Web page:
Global warming’ has become a buzzword that is used across the media, but what does it really mean for the voiceless mammals, birds and reptiles that suffer the brunt of it? The Earth has heated and cooled several times throughout history, but as per NASA’s paleoclimate record, the current rise in temperatures is unusual. Furthermore, no single species other than Homo sapiens has previously been responsible for such climatic fluctuations.
Climate change and heat waves constitute one of the most pressing consequences of anthropogenic (human-induced) activities. Birds of India are some of the worst affected as temperatures rise to around 45-47 degree celsius around the northern parts of the country. To put this in perspective, these temperatures are nearly half the boiling point of water!
No Respite To Avians
Normally, avifauna have their own ways to cool down. Some birds and especially those accustomed to an aquatic lifestyle, have water in proximity to take a dip in. Some bird species use a method called gular fluttering, which involves vibrations of the upper throat and the thin floor of the mouth. Fluffing feathers help birds dispel warm air from their bodies. Most avians rest amidst dense foliage or soar at heights where the air is cooler.
However, all these measures fail when temperatures reach unprecedented extremities. Higher altitudes make birds more vulnerable to the damaging effects of the searing sun. They frequently collapse from heat strokes when they hover in search of prey and water sources.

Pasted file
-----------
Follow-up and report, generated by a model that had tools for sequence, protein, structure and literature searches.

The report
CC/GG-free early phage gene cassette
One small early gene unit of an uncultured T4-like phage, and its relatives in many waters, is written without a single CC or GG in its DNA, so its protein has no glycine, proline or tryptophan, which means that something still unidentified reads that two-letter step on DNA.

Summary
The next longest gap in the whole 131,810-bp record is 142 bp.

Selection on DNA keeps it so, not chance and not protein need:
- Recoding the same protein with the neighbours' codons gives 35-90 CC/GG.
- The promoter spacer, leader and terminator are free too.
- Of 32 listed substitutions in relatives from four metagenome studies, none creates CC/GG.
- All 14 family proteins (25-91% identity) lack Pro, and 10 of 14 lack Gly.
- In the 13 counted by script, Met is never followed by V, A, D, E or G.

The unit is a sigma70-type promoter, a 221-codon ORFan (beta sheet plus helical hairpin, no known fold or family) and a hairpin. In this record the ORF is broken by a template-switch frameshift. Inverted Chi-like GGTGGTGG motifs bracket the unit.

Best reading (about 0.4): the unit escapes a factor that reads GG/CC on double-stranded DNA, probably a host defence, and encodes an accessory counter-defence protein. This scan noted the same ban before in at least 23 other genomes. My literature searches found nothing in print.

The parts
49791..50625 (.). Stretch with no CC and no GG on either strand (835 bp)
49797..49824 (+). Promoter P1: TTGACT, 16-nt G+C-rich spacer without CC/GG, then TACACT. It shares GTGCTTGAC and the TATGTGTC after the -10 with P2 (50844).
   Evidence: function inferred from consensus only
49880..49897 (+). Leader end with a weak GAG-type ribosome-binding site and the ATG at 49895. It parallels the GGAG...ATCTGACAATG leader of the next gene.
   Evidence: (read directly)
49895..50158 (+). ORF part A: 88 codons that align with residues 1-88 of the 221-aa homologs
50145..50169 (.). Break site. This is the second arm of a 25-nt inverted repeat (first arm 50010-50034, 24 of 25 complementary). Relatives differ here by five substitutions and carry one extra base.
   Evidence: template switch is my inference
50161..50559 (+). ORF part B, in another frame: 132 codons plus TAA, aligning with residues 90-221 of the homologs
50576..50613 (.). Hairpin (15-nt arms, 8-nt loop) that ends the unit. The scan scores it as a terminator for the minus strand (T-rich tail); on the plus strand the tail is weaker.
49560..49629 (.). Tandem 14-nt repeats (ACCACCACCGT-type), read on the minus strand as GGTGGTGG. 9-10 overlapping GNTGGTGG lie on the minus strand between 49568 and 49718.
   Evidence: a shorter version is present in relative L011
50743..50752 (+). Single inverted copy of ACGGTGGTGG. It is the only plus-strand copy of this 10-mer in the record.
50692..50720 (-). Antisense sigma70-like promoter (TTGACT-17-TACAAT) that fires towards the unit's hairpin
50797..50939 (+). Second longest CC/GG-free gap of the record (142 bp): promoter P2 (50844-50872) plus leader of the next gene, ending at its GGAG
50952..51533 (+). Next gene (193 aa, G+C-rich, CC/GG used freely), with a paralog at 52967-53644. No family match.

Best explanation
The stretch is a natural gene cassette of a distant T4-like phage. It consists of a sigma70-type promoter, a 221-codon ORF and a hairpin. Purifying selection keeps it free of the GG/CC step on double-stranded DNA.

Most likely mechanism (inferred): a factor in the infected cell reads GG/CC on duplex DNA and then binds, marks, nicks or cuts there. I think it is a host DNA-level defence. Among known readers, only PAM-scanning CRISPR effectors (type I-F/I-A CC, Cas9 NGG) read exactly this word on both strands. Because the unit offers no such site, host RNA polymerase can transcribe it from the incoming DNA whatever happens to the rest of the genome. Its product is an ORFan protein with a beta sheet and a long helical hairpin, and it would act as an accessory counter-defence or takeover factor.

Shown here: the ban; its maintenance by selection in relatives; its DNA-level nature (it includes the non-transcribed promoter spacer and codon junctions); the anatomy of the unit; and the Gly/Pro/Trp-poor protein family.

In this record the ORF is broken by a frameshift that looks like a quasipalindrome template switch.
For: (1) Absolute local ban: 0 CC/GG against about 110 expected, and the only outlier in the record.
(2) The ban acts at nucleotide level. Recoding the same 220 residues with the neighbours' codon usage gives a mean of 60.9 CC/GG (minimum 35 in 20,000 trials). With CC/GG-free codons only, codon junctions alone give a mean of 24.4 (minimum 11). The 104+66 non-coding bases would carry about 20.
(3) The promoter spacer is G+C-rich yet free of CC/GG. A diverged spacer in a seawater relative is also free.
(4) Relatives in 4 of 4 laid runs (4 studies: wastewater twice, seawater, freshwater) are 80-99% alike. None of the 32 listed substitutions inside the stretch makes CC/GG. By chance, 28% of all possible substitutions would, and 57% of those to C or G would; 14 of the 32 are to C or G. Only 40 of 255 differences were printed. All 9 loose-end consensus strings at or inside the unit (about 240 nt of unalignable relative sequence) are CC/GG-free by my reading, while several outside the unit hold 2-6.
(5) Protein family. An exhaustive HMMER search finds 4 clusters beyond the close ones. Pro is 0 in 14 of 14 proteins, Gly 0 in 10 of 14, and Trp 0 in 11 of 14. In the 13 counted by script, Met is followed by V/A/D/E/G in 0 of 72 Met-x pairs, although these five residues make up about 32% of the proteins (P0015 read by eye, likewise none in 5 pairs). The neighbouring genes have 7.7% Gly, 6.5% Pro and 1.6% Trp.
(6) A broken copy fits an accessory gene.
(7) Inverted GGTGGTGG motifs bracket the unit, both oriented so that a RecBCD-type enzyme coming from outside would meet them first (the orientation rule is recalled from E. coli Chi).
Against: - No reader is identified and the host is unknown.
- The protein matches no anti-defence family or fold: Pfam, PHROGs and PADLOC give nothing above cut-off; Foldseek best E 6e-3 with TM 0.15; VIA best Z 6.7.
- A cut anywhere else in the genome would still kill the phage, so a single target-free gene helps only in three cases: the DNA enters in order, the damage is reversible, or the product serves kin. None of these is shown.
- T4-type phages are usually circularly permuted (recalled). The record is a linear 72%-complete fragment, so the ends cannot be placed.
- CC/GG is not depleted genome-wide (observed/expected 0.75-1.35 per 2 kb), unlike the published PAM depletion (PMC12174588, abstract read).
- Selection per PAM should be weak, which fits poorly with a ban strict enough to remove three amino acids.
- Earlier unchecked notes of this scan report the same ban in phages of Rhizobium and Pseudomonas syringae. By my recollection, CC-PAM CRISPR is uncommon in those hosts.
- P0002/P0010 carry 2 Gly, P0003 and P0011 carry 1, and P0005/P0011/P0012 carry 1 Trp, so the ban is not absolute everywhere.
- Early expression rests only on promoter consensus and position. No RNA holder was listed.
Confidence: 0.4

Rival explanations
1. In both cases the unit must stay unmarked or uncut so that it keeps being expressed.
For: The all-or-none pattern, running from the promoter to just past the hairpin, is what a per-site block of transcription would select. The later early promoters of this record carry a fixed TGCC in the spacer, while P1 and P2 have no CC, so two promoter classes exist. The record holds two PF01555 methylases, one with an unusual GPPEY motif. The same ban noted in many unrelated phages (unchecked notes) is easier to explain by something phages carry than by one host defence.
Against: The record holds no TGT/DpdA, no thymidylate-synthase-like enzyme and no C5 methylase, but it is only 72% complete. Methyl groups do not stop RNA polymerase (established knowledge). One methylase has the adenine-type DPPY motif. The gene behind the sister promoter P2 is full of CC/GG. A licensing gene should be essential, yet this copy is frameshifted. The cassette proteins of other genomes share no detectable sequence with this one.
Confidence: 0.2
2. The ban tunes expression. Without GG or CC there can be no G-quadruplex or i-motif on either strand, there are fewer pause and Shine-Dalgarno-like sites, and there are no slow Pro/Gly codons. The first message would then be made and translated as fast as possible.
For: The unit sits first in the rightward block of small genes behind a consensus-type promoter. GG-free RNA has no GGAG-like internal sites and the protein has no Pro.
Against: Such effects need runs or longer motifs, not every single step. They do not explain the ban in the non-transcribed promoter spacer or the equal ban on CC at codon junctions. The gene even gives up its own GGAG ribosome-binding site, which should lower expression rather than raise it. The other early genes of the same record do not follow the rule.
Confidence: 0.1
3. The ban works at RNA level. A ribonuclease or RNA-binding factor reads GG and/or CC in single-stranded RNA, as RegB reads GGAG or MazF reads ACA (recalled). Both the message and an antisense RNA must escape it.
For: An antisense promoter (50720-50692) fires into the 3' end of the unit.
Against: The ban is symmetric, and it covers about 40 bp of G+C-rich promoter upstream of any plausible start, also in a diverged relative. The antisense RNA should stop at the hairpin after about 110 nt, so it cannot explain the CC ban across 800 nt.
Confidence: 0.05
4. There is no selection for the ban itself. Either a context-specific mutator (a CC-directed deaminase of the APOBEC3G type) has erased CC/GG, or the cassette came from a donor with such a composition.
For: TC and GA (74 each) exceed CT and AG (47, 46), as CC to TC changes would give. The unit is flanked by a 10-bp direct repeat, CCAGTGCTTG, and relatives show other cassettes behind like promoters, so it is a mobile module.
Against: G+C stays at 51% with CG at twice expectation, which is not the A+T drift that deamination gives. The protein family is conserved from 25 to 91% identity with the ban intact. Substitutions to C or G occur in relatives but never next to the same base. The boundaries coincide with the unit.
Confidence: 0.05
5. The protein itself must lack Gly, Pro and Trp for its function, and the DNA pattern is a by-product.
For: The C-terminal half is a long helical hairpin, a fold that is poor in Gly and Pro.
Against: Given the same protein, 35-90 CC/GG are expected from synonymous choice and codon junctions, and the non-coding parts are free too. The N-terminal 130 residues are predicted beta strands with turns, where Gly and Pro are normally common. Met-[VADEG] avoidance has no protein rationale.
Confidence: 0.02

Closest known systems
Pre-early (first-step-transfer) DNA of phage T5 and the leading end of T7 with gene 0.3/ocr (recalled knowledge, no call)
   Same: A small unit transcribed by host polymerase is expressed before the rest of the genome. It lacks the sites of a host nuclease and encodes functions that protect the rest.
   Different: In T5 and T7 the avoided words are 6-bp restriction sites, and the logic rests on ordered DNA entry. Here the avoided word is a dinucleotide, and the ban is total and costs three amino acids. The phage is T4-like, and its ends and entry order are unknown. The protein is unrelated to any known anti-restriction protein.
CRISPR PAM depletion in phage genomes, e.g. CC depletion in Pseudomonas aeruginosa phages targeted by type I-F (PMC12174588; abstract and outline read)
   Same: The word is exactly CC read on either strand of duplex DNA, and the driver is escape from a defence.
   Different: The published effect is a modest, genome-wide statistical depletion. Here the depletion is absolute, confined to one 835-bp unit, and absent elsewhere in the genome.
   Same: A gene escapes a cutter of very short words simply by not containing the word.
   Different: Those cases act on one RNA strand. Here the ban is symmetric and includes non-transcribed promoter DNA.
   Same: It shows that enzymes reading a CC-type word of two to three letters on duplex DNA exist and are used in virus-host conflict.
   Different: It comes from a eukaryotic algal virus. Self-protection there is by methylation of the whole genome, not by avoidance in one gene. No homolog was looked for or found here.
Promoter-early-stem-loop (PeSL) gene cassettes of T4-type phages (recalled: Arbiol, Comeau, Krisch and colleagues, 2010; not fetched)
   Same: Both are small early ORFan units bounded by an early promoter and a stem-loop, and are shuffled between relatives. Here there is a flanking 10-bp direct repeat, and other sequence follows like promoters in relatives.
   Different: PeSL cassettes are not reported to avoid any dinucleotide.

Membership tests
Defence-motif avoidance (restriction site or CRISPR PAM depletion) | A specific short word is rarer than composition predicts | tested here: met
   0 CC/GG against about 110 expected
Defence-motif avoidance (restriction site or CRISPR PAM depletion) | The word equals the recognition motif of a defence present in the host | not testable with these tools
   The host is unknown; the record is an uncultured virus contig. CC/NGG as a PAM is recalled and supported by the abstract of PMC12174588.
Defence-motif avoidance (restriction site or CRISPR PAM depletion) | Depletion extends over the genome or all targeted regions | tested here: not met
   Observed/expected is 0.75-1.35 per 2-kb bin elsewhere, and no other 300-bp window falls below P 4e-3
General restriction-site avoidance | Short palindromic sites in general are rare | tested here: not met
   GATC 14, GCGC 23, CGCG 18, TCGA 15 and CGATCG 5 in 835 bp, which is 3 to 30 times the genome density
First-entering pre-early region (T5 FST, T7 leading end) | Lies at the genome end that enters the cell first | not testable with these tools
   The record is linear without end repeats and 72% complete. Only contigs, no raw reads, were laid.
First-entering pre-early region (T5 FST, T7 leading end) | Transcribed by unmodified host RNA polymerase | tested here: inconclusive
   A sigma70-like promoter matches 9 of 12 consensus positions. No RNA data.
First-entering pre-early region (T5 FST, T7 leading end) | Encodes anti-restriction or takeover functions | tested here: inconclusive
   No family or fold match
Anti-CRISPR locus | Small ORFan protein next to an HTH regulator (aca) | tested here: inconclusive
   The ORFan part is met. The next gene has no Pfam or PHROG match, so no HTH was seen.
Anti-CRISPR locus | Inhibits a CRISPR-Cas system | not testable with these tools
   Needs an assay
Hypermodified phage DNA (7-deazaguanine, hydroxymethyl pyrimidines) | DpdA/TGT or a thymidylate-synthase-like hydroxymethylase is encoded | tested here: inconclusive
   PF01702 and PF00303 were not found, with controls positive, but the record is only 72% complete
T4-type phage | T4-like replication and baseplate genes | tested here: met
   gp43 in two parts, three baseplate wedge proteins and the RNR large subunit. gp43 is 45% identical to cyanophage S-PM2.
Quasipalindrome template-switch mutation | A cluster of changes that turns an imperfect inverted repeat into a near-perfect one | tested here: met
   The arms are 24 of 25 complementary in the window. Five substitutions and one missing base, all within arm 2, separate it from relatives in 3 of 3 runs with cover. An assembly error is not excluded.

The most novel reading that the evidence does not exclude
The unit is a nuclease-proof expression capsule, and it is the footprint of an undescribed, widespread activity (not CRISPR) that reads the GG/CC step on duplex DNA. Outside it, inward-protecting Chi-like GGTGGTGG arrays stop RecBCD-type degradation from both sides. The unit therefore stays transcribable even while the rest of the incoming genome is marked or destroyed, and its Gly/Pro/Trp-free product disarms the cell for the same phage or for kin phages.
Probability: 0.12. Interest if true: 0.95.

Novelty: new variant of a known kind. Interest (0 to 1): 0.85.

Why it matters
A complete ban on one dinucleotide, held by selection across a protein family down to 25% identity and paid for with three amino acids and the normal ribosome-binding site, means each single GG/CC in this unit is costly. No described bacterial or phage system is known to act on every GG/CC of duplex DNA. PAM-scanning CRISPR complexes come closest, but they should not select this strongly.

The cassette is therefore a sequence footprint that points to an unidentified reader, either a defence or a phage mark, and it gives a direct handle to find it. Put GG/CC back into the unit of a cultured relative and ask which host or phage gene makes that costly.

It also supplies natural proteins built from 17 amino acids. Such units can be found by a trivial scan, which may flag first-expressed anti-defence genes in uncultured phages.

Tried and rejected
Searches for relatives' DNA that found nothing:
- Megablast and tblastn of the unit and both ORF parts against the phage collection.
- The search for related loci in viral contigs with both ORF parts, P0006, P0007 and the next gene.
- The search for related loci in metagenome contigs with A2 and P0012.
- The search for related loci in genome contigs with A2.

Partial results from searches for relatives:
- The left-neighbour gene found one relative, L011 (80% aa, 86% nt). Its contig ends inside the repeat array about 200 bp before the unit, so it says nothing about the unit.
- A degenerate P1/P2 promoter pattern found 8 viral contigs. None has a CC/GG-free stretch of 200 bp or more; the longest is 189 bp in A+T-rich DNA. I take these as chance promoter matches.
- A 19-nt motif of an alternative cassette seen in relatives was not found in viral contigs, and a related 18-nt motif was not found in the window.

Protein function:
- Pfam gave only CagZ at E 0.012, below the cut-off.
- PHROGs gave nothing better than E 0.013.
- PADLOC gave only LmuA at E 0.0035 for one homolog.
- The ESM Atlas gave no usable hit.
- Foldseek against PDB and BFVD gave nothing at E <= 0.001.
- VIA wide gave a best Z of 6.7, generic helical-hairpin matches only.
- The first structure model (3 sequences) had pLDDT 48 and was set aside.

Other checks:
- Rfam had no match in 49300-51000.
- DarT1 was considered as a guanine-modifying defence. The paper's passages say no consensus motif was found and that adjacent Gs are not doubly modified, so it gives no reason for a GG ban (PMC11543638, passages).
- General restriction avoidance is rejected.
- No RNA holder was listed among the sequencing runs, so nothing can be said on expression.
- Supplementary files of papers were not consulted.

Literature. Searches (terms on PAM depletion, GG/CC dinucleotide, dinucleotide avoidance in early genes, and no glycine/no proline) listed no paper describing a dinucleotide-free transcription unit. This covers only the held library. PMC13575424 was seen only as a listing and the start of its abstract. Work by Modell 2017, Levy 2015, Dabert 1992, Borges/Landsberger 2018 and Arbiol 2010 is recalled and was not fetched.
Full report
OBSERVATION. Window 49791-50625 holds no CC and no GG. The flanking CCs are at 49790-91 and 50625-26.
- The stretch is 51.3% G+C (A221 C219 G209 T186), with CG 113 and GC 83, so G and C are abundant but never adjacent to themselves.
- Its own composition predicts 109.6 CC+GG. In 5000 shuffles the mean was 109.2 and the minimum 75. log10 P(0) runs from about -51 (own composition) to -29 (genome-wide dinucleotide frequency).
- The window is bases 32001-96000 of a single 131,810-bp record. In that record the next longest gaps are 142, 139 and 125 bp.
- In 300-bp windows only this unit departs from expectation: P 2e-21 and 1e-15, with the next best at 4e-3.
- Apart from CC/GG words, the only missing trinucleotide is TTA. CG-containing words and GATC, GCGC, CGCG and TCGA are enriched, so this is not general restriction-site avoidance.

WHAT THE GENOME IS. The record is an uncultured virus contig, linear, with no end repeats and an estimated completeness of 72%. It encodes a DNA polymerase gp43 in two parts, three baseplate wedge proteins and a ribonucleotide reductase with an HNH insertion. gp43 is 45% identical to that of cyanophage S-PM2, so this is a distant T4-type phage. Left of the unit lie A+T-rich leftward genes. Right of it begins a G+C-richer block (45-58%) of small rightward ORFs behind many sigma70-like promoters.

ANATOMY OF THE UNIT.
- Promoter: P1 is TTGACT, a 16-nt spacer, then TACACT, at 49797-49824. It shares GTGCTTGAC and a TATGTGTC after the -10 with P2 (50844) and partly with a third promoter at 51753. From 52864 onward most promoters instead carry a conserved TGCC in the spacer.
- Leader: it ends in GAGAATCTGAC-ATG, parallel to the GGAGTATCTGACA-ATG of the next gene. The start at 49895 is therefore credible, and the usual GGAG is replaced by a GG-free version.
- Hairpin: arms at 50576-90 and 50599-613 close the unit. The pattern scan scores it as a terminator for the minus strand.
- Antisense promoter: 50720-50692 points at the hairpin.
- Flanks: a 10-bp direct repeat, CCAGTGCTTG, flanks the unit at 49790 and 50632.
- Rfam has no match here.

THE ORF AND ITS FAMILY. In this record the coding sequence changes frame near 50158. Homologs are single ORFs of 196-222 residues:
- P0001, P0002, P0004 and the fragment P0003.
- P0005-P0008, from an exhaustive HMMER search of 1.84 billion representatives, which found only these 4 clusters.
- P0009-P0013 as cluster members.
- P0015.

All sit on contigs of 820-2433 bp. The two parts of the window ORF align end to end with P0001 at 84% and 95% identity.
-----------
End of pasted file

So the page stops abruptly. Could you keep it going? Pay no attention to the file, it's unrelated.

Unable to take flight, many of these birds also become easy victims to other animals such as feral dogs, cats, and monkeys. The fledglings and nestlings are extremely sensitive to the sun’s harsh exposure. Our Wildlife SOS Rapid Response Units have rushed to the rescue of many birds in these summer months, most of which suffered from severe dehydration.
Dehydrated Avifauna Rescued in 2023
The months of April and May saw the greatest numbers of avian rescues, especially from Delhi with 121 and 130 birds respectively, marking a stark increase from 57 in March. In Agra, 26 birds were rescued in March, however, the combined number of rescued avifauna in the months of May and June climbed to 88.
In one notable incident from April, a resident of East Delhi spotted a dehydrated barn owl under a water tank in East Delhi. Fortunately, our team got to its location on time to provide aid. The barn owl, like several other birds, has made its home in the city but the urban environment tends to become increasingly perilous during summers. Lack of dense trees for shelter results in frequent dehydration and even accidental collisions for birds of prey.
During summers, our rescue helplines are constantly ringing with calls pertaining to Indian peafowls, black kites, shikras, and rock pigeons, all of which are some of the frequently hit victims of the heatwaves that shroud northern India. Besides that, we have also saved several mynas, green pigeons, parakeets, barbets, ducks, ibises, floricans, Asian koels, and spotted owlets.